Plots will be stored for a long time (they are expected to be valid for 10 years), so you will probably keep adding storage as you grow your farm. 

There are a lot of other considerations, especially in matching up threads, RAM, and high perf storage to make the most of a single machine. you should read some of the Reddit (r/chia) and chia.net posts as well as chiadecentral.com to get a better grasp on this. But for now, 2 CPU threads, 4GB of RAM, 300GB of high performance storage, and 1TB of slow storage (can be the same if you have nothing else) is enough to get started with two plots a day.

Setting up your Chia node

You can plot and farm on a very basic PC, just as you can mine Ethereum on a very basic GPU. However, you will want to consider some aspects of the plotting process, as well as long-term farming storage, if you plan to hope to make some XCH out of this. 

You can do this on Windows, Linux, or both in parallel. I will discuss the Windows version for the most part, but I’m mining on Ubuntu 20 and Windows 10. And most of this can be accomplished from commandline on either platform, or through a third party Python application called plotman on Linux or a beta port to Windows.

The Chia software is a small bundle you download from chia.net’s front page. It’s been updated about 8 times in the month I’ve been farming, so you will want to check often or follow reddit.com/r/chia or other forums of your choice. Some updates are bug fixes, others increase the efficiency of the processes (like reducing temp space or plot size by 20% or more). 

Install it, create a wallet and keys, and make sure it starts up. The first time, you won’t see the “Private key with public fingerprint,” so you’ll choose “Create a new private key.” Store your 24 word mnemonic somewhere secure and offline. You’ll use it to install on other machines, or to recover if you lose your wallet on this computer. 

Your chia node will not be able to farm until it has synced the blockchain. This will take a day or two (as of original writing in late April 2021; as of May 5, 2021, expect two days). 

The above screenshot is from a system I installed chia on about 20 hours earlier. 

Plotting your first plot

Plots are the ground you try to grow Chia coins from, more or less, so without them, Chia is not useful to you.

In the GUI for Chia, you’ll see a Farm link and a Plots link. 

Farm shows what you already have to work with, and what you’ve earned. 

Here you see that the system I’m screenshotting from has 13 plots, for a total of 1.287TiB, and I have earned 4 XCH in the time I’ve been plotting. When you first install the software, you will not see any XCH or plots, and probably no Estimated Time To Win. And given the luck of farming, that 5 months is an estimate, not a minimum or a guarantee. Some people have found Chia (“Win”) with 2-3 plots, and others have hundreds of plots and no Chia. I found mine before I hit 100 plots, for what it’s worth.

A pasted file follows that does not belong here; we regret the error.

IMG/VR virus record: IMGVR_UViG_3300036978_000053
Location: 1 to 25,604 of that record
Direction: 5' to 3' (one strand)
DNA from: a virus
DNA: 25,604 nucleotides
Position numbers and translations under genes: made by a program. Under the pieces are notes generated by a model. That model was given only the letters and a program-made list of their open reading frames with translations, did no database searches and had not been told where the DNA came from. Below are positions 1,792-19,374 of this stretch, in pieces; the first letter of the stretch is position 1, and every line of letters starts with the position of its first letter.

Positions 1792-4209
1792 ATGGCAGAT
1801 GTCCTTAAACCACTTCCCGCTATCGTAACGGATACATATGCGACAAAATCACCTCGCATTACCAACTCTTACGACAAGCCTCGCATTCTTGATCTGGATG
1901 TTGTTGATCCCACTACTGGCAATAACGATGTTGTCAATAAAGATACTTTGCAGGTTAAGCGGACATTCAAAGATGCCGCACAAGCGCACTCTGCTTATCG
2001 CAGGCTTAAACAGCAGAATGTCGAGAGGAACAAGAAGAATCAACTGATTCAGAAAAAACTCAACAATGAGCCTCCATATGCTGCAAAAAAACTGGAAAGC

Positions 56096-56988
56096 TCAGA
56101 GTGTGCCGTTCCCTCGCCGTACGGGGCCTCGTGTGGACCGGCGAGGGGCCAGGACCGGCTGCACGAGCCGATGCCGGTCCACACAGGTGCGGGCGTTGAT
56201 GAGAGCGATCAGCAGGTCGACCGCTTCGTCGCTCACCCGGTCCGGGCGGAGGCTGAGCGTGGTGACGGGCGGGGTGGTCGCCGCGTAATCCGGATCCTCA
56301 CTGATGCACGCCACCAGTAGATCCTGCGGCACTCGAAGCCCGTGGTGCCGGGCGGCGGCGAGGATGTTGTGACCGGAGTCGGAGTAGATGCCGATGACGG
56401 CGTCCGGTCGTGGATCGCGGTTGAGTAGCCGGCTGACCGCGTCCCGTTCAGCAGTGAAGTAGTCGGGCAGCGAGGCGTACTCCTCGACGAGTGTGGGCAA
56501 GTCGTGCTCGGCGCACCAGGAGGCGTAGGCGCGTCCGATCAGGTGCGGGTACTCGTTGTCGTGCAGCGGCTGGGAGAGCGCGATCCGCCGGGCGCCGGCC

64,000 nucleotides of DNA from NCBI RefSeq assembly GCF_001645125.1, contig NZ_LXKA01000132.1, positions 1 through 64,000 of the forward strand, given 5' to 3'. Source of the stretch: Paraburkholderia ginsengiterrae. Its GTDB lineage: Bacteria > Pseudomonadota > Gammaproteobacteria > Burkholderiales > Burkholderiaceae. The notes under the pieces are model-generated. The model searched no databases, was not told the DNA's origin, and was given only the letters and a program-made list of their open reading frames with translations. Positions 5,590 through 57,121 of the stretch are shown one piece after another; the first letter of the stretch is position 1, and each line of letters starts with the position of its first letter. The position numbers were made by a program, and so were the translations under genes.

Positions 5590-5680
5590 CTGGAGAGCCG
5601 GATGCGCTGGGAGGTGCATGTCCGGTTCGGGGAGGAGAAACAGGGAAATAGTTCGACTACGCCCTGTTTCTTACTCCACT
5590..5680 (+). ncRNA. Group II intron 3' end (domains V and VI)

Since you have no plots, or you want more, you’ll go to the Plots link. 

Here you see that I am running six plots now, and have others that are farming. You You won’t have those at the moment, so we’ll start our first plot.

As you are getting started, you can leave the defaults alone. In about 6 years you’ll want to increase the plot size, but for now, leave it there. 

Make your first plot with the default settings. If you’re on a computer with close quarters, you can later do multiple plots in the queue, making one after another. After your first plot or two, you can go into parallel plotting, using the math above to make sure you don’t overrun your resources. 

After you’re comfortable with single plots, you can consider increasing the advanced option settings. Currently the advice in the Chia world is that more than 7GB of RAM is a waste (per plot), and there’s some debate on increasing threads. Certain parts of the process use one or the other more, and I have designs for three plot levels depending on your resources. 

Scroll down to set your storage locations. 

Your temporary directory is the fast high-throughput storage. Lots of people are using NVMe storage, and others use enterprise SSD, PCIe card flash storage (think Fusion-io type storage), or even hard drives. 

As noted above, you need about 300GB of space, and about 1.6-1.8 TB will be written for each plot.

You can stripe this storage. 4x 512GB SSD striped will give you about 1.8TB (or 6 plots in parallel without offset) whereas 4 individual 512GB SSDs will give you about 480GB each, or 4 plots in parallel. 

Your final directory is the huge slow storage. You need 100GB of space per plot, and these pile up, so 100 plots will be about 10TB. 

My Chia hardware experiences

When I started out, I was using a 6 core, 12 thread Ryzen 5 3600 on my desktop, with 64GB of RAM, a 512GB USB 3.1 external SSD from RAVpower, and an 8TB USB 3.0 external HDD. This let me do one plot at a time and hold about 75. I later upgraded to a PNY CS2130 2TB internal NVMe SSD, and started moving the plots to my Synology NAS or another node with more disks. This let me do up to 6 parallel plots (although that ate all my CPU threads). 

I usually plan for 12 hours per plot (or set of parallel plots). Some people have tuned their plots to under 4 hours, and some take a day or more. 

When I figured out what was going on, and realized I had a spare workstation in the garage with lots of resources (28 cores, 56 threads, 64GB RAM, and 1TB across four NVMe drives), I set that machine up–some of you may remember the Dell Precision T7910 I described here three years ago. I later upgraded to 4TB of NVMe and replaced the 6TB of internal SATA with four 8TB internal SAS drives for a total of 30TB internal space.